Believe it or not, there are actually drawbacks to having a ginormous phone that doubles as a portable home theater system, aside from the unrelenting ball-breaking. One such drawback became apparent at Monday’s White House daily briefing, as ABC News White House Correspondent Jon Karl’s interrogation of Press Secretary Jay Carney was interrupted by the extremely loud first several measures of Grandmaster Flash & the Furious Five‘s “Scorpio.”
“Tommy, is that you?” Carney asked. “Whose awesome ringtone is that?”
Yes, it was me, and as I tried to explain to Carney, I not only had my ringer muted, but I was taping the briefing on the phone, so there’s no reason it should have done that. As it turns out, I had muted the ringer, but not the alarm that I have set to go off every day right before my kids get home from school. You can’t really tell from the video, because the shotgun mic wasn’t pointed at me, but it was really effing loud.
Real White House briefing junkies will recall that, several years ago, Robert Gibbs actually confiscated Human Events correspondent John Gizzi’s phone after it went off twice during a briefing, so I got off pretty easy. Jay, if you’re reading this, “Scorpio” is available on iTunes. I should also add that it is pure coincidence that Karl’s question was interrupted by a song whose next line is “show no shame.”
Karl was trying to nail Carney down on whether the White House would “cooperate fully” with John Boehner’s select committee on #Benghazi, after a series of other reporters got the same answer. Carney repeatedly said that the White House would cooperate with “legitimate oversight,” which led reporters to ask whether the White House would consider the select committee “legitimate oversight.”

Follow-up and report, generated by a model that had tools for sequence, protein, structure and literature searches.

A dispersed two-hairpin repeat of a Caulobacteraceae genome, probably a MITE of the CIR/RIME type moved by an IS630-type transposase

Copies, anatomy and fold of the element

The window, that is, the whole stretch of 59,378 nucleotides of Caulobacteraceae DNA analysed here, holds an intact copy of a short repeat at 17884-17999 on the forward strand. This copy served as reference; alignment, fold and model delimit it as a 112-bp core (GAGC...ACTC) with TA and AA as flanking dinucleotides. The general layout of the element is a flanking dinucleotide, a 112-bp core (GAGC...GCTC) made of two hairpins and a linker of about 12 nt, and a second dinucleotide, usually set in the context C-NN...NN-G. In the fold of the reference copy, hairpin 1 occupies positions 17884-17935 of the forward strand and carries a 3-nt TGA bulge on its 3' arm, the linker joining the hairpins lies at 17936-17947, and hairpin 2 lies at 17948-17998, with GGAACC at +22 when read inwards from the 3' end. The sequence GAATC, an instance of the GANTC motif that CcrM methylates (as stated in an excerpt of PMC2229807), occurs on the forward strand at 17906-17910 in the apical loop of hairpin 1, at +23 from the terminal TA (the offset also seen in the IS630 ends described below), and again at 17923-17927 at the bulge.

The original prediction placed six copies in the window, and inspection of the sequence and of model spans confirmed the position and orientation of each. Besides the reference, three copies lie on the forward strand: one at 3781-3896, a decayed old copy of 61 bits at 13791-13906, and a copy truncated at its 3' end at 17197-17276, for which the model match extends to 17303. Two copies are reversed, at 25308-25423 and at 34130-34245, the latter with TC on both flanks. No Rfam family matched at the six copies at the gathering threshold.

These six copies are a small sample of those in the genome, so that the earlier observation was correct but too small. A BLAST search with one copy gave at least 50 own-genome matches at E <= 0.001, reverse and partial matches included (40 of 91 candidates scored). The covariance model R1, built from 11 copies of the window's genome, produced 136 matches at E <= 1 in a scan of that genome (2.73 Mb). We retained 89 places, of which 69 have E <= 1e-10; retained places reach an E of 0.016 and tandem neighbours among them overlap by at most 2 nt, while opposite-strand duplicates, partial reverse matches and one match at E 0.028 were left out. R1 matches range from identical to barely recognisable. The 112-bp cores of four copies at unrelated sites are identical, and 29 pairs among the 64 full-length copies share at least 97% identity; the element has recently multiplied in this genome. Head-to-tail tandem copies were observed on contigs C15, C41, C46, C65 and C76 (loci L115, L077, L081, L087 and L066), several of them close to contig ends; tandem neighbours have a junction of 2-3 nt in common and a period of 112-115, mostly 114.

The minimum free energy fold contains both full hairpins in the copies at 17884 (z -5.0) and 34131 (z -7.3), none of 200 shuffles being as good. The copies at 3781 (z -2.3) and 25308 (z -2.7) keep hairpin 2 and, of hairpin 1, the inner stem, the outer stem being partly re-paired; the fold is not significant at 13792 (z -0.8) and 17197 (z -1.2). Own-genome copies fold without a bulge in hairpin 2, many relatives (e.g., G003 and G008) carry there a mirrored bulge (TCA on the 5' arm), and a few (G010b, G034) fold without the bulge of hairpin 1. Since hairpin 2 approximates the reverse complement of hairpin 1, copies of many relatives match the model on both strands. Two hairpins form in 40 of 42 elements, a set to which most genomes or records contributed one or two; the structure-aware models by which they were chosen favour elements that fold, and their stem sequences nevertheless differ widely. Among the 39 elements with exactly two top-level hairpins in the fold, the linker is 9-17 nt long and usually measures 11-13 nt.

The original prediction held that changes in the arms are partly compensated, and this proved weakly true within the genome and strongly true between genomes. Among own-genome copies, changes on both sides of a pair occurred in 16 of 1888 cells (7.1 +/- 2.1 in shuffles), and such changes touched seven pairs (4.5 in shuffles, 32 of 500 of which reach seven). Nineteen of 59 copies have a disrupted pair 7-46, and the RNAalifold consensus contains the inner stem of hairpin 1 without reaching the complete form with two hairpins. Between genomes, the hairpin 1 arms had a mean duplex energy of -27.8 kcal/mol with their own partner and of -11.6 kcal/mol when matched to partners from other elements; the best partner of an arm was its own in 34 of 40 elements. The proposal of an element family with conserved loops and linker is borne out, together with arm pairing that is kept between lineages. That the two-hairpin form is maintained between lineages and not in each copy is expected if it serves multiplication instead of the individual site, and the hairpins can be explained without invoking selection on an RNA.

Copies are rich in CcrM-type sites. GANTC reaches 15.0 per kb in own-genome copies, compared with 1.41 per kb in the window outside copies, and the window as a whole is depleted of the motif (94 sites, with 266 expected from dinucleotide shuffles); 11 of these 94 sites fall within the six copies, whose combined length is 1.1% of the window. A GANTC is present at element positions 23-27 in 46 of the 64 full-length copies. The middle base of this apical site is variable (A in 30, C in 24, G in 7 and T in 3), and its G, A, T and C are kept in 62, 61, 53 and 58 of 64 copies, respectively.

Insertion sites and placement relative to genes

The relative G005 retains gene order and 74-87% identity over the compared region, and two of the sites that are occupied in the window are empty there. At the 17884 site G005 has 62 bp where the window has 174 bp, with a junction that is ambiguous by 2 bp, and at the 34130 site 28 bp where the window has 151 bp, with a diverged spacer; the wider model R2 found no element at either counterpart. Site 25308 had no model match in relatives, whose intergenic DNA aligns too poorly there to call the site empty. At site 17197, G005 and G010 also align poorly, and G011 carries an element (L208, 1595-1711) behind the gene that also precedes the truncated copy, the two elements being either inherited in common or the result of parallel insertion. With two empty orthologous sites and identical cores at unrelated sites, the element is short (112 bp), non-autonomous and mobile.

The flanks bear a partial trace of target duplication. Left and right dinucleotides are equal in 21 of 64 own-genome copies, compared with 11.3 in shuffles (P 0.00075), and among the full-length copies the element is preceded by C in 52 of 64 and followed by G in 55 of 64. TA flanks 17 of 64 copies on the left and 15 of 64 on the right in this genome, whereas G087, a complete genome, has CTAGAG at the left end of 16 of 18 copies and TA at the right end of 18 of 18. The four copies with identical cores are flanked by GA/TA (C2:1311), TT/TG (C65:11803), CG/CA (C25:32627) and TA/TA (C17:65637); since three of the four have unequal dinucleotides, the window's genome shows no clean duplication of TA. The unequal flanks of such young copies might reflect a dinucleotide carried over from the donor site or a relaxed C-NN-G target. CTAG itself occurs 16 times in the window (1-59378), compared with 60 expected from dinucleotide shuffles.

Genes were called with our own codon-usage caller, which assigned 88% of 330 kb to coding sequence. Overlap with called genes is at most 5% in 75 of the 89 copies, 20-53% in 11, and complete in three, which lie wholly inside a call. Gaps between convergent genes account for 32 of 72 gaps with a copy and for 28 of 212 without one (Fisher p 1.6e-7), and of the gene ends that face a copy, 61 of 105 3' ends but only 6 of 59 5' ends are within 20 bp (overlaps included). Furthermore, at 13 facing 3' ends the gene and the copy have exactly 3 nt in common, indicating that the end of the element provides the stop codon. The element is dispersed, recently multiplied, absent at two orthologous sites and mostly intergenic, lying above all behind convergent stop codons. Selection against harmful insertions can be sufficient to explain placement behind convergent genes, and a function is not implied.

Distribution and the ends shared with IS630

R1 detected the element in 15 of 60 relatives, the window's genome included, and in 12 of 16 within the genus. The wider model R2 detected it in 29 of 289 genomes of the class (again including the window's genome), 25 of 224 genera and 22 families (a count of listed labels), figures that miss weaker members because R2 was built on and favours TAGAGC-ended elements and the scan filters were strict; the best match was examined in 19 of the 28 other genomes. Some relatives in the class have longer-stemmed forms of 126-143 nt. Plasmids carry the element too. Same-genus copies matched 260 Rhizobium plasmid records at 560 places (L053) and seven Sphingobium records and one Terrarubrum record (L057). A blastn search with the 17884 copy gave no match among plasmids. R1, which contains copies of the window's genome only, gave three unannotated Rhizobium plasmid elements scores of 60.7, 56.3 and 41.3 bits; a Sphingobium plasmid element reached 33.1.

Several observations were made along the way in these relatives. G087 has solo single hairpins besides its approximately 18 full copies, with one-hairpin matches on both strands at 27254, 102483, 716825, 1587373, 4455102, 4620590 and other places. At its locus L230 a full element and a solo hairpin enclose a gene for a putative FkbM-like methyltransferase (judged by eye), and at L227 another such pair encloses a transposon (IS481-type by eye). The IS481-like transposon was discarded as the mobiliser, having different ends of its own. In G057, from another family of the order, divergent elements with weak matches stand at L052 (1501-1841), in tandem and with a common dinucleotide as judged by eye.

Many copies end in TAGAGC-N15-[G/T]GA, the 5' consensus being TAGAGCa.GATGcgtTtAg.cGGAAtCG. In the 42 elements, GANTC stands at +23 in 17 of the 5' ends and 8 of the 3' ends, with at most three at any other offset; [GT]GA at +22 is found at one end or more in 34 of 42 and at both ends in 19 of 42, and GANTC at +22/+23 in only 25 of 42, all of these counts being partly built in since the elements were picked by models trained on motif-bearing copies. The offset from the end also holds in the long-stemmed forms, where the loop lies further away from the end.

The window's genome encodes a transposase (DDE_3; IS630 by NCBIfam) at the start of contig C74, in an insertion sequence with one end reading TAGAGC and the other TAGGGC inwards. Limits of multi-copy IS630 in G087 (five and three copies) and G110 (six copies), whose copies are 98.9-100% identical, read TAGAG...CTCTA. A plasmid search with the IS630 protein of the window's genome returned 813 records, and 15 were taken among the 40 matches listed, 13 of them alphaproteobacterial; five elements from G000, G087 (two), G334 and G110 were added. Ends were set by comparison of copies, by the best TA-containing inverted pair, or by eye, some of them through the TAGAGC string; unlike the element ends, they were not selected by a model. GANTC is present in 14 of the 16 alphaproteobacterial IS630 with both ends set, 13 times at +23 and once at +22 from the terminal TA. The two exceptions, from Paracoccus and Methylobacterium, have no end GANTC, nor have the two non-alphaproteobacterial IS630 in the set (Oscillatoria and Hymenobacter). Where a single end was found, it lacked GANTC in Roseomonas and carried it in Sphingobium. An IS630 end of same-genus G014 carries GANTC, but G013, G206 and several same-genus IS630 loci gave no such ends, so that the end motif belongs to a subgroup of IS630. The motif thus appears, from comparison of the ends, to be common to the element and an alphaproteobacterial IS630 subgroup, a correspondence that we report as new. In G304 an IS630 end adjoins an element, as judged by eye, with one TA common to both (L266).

He told AURN’s April Ryan that “I would point you to the fact that we have always cooperated with legitimate oversight and will continue to do so. And we have cooperated extensively with the oversight on this matter — which I think a lot of folks, including Republicans, have identified as not always legitimate, but highly political.”
The upshot of this sort of questioning is that the White House reserves the right not to cooperate if they don’t like the questions they’re being asked, which, to be fair, was also the liberal narrative when Governor Chris Christie (R-NJ) gave a similar response about the Bridgegate investigations. The problem with that, and the difficulty in Jay Carney’s ability to answer more clearly, is that these reporters (in both cases) fail to make a distinction between substantive legitimacy, and legitimacy of authority and scope.
For example, if Congress wants to subpoena President Obama’s dental records, that is outside the scope and authority of legitimate oversight. If they want to subpoena emails about emails about Benghazi, that may be substantively illegitimate, but within the scope and authority of the committee. Carney isn’t about to confer legitimacy, in either sense, to what has clearly been a substantively illegitimate and empty enterprise. If they take another run at this today, someone should frame the question solely as a matter of the committee’s authority and scope.